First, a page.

Garden of Hope was the dream of the Reverend Morris H. Coers, pastor
of Immanuel Baptist Church in Covington. Coers was inspired by a 1938
visit to the Holy Land. He knew that many in the Greater Cincinnati
area would never have the opportunity to visit oversees, so he decided
to bring a bit of the Holy Land to Northern Kentucky. In 1956, he publicly
declared his intention to build a replica of Jesus’ tomb. A 2.5-acre
plot of land was found on Edgecliff Avenue in Covington’s west
end. The site not only offered a private refuge for meditation, but
also a spectacular view of Covington and downtown Cincinnati.
the late fall of 1956, work began on the Garden of Hope. The services
of A.H. Armbruster were acquired to design the complex. The centerpiece
of the garden was the replica of Jesus tomb in Jerusalem (45 x 22’).
Another feature of the garden was the carpenter’s shop. The shop
contained historic carpenter’s tools that were donated to the
Garden of Hope by Israeli Prime Minister David Ben Gurion. The interior
of the carpenter’s shop was decorated with a mural executed by
local artist LeRoy Coastes. The mural depicted the lives of carpenters
in Palestine. The upper floor of the building contained a gift shop
that sold items from the Holy land. The third building on the site was
called the Chapel of Dreams. This structure was modeled after a 17th
Century Spanish Mission. The interior of the chapel was adorned with
a stained glass window from Christ Church Cathedral in Cincinnati. The
façade of the structure contained three bells. The chapel was
open for private prayer and was the site of numerous weddings. The grounds
of the garden were planted with thousands of plants and trees, many
of which were native to the Holy Land. Other features of the garden
included an Italian marble statue of Jesus delivering the “Sermon
on the Mount” and a large stone from the Wailing Wall in Jerusalem.
The Garden of Hope was officially open to the public on Palm Sunday
In the early days of operation, the Garden of Hope was open to the public.
The Chapel of Dreams became a popular site for weddings and the tomb
was used by various denominations for religious events and sunrise Easter
Garden of Hope, however, lost its greatest supporter in 1960 with the
death of Reverend Morris Coers. Reverend Coers died on February 24th
at the age of 52. Coers was laid to rest in the garden. Without Coers’
guidance, the Garden of Hope lost its driving force. A committee was
established at Immanuel Baptist Church to maintain and operate the garden.
Immanuel Baptist, however, was suffering from declining enrollment due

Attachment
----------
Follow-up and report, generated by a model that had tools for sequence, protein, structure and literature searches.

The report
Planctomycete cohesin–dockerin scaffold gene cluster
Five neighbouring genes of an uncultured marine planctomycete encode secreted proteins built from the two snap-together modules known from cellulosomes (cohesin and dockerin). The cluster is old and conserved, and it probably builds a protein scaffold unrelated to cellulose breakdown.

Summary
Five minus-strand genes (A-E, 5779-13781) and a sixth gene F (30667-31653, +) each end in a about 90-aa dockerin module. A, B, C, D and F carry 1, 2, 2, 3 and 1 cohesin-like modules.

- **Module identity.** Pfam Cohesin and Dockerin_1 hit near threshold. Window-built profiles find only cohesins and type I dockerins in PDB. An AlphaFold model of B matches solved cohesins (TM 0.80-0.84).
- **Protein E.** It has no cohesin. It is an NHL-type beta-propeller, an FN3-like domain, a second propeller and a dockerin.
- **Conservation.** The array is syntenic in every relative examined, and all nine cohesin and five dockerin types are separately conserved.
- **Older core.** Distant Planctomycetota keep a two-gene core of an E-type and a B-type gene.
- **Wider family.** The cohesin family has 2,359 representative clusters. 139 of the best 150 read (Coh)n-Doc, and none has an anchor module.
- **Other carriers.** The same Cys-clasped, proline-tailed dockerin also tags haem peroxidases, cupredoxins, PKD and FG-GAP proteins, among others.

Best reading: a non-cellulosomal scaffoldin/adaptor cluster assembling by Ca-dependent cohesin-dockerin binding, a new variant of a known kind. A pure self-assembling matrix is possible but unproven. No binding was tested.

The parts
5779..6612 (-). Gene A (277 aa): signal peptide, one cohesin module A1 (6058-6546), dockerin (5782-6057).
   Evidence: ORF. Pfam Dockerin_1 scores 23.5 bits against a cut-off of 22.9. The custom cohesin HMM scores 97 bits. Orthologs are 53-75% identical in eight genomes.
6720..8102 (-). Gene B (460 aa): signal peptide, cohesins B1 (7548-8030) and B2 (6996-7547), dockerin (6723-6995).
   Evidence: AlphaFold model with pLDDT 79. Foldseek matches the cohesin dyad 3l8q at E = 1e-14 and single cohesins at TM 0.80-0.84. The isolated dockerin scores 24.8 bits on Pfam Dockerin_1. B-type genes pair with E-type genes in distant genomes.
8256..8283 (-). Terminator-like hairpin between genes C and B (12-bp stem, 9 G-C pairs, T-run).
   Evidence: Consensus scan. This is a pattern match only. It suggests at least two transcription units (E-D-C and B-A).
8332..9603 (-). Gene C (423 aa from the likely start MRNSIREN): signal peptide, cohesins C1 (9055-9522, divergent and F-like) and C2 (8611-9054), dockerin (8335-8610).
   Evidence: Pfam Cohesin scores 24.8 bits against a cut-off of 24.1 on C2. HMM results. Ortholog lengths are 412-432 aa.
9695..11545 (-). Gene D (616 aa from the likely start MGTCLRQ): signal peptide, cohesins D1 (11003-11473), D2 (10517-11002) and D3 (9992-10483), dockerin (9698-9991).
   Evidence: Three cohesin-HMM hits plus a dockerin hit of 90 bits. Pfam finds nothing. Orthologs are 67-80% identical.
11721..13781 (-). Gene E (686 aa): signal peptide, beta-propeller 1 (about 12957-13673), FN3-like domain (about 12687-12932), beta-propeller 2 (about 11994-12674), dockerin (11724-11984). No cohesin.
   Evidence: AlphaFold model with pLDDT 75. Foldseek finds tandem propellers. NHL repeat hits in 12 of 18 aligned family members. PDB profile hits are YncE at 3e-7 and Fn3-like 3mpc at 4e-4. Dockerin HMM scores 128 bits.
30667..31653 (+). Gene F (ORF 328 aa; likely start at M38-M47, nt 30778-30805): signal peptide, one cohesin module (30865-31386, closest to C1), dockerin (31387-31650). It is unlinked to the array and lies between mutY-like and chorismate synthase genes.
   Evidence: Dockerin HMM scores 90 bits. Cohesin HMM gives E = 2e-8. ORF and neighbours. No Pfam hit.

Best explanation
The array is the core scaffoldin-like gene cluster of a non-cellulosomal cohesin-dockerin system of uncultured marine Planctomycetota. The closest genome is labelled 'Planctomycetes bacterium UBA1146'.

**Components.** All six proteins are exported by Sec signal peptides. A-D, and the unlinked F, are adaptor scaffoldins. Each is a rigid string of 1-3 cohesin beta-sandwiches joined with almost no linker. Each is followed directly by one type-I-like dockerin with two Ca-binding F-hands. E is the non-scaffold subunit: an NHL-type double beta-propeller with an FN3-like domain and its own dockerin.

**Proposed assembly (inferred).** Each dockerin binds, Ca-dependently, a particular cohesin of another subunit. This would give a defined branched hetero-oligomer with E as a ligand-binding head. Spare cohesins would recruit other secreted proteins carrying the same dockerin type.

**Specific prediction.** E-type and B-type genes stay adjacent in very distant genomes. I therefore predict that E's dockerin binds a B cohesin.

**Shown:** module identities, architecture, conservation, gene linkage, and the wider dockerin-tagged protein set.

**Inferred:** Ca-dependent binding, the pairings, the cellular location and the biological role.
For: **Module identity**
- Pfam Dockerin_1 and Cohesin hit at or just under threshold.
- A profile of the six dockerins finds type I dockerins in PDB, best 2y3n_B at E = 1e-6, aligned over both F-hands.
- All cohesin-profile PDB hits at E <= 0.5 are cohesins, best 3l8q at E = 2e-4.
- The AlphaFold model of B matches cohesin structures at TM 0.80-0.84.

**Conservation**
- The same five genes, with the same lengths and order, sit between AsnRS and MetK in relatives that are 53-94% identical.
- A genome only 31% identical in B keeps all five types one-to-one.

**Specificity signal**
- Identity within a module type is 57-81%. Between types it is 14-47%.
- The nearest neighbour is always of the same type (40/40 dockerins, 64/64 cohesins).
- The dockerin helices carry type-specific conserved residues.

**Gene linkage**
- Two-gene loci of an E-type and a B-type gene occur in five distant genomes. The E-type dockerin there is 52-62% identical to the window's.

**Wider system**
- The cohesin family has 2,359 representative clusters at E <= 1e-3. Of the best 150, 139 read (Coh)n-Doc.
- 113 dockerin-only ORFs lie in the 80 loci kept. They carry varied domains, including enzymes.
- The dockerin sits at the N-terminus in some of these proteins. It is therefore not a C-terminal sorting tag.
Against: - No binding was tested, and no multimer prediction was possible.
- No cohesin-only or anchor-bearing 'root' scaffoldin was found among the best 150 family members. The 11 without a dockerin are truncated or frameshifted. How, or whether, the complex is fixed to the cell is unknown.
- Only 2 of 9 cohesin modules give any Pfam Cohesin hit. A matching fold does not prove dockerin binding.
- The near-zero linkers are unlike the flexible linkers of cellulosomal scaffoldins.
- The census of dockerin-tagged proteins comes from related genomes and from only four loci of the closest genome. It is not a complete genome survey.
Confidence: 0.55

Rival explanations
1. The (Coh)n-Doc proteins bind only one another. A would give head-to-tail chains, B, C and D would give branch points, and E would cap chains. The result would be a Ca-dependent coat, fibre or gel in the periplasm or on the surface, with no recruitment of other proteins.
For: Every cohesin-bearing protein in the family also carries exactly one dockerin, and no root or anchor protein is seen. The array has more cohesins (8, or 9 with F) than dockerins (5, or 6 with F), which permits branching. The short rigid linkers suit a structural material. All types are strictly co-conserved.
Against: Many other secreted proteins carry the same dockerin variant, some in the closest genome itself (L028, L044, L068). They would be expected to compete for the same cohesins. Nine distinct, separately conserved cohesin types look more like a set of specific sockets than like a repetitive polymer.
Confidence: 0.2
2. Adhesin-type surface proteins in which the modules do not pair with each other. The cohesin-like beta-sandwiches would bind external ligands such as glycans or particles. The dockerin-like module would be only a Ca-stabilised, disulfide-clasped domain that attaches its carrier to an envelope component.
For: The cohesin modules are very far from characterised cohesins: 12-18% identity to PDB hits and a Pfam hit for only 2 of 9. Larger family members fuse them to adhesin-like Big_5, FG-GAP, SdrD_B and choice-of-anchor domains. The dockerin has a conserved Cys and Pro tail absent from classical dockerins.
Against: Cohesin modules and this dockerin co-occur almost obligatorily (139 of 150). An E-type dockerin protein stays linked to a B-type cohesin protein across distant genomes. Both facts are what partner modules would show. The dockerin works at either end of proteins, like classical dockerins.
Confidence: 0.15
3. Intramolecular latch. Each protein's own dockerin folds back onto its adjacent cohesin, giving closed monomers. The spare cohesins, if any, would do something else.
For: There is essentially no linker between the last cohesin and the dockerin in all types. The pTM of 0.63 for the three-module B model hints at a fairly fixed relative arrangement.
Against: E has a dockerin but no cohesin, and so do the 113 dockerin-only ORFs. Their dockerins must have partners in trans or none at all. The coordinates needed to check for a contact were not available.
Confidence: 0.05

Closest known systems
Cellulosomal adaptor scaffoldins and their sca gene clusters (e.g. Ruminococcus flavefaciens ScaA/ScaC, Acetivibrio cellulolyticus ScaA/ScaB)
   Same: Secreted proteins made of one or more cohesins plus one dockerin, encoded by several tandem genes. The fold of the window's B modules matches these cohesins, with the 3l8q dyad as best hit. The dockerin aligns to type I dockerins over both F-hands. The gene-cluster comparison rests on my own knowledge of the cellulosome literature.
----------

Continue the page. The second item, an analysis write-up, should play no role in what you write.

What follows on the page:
to urban flight. The church simply could not provide the funds to properly
maintain the site. In addition, the garden was located in a remote area
of the city and was prone to vandalism. The vandalism became so severe,
that Reverend Coers’ window, Vernice, had his body disinterred
and moved to Highland Cemetery in Fort Mitchell.
By the mid-1960s, Immanuel Baptist began discussing ways to provide
better funding for the garden. Initially, they looked into turning over
the garden to the Commonwealth of Kentucky as a tourist attraction.
The state showed some interest but declined the offer due to the conflict
of church and state. In 1967, a nonprofit group was established to maintain
and operate the Garden of Hope. The group, however, was not successful.
Another non-profit group was established in 1970 with similar goals.
This group too proved ineffective. In February 1971, the garden reverted
to Immanuel Baptist. At that time, the garden maintained an indebtedness
During 1993, several Northern Kentucky families took interest in restoring
the Garden of Hope. These individuals included Ted and Jean Padgett,
Donna and Mike Sheehy, Wanda and Ed Hodge and Bill McMillan. Much of
the vandalism was repaired and the garden was weeded and maintained.
In 1996, a Christmas program was held in the Garden. The garden was
rededicated on Palm Sunday 1998. The activities included several sermons
and musical selections performed by the choir of St. Patrick Catholic
Church of Taylor Mill, Kentucky. At this time, the Garden of Hope was
again open on a daily basis for private prayer and tourism.
Kentucky Post, May 22, 1971, January 1, 1993, p. 4K, March 25, 1998,
p. 1KK; Western Recorder, September 15, 1998, p. 1; Cincinnati Enquirer,
May 23, 1971, and a Brochure in the files of the Kenton County Public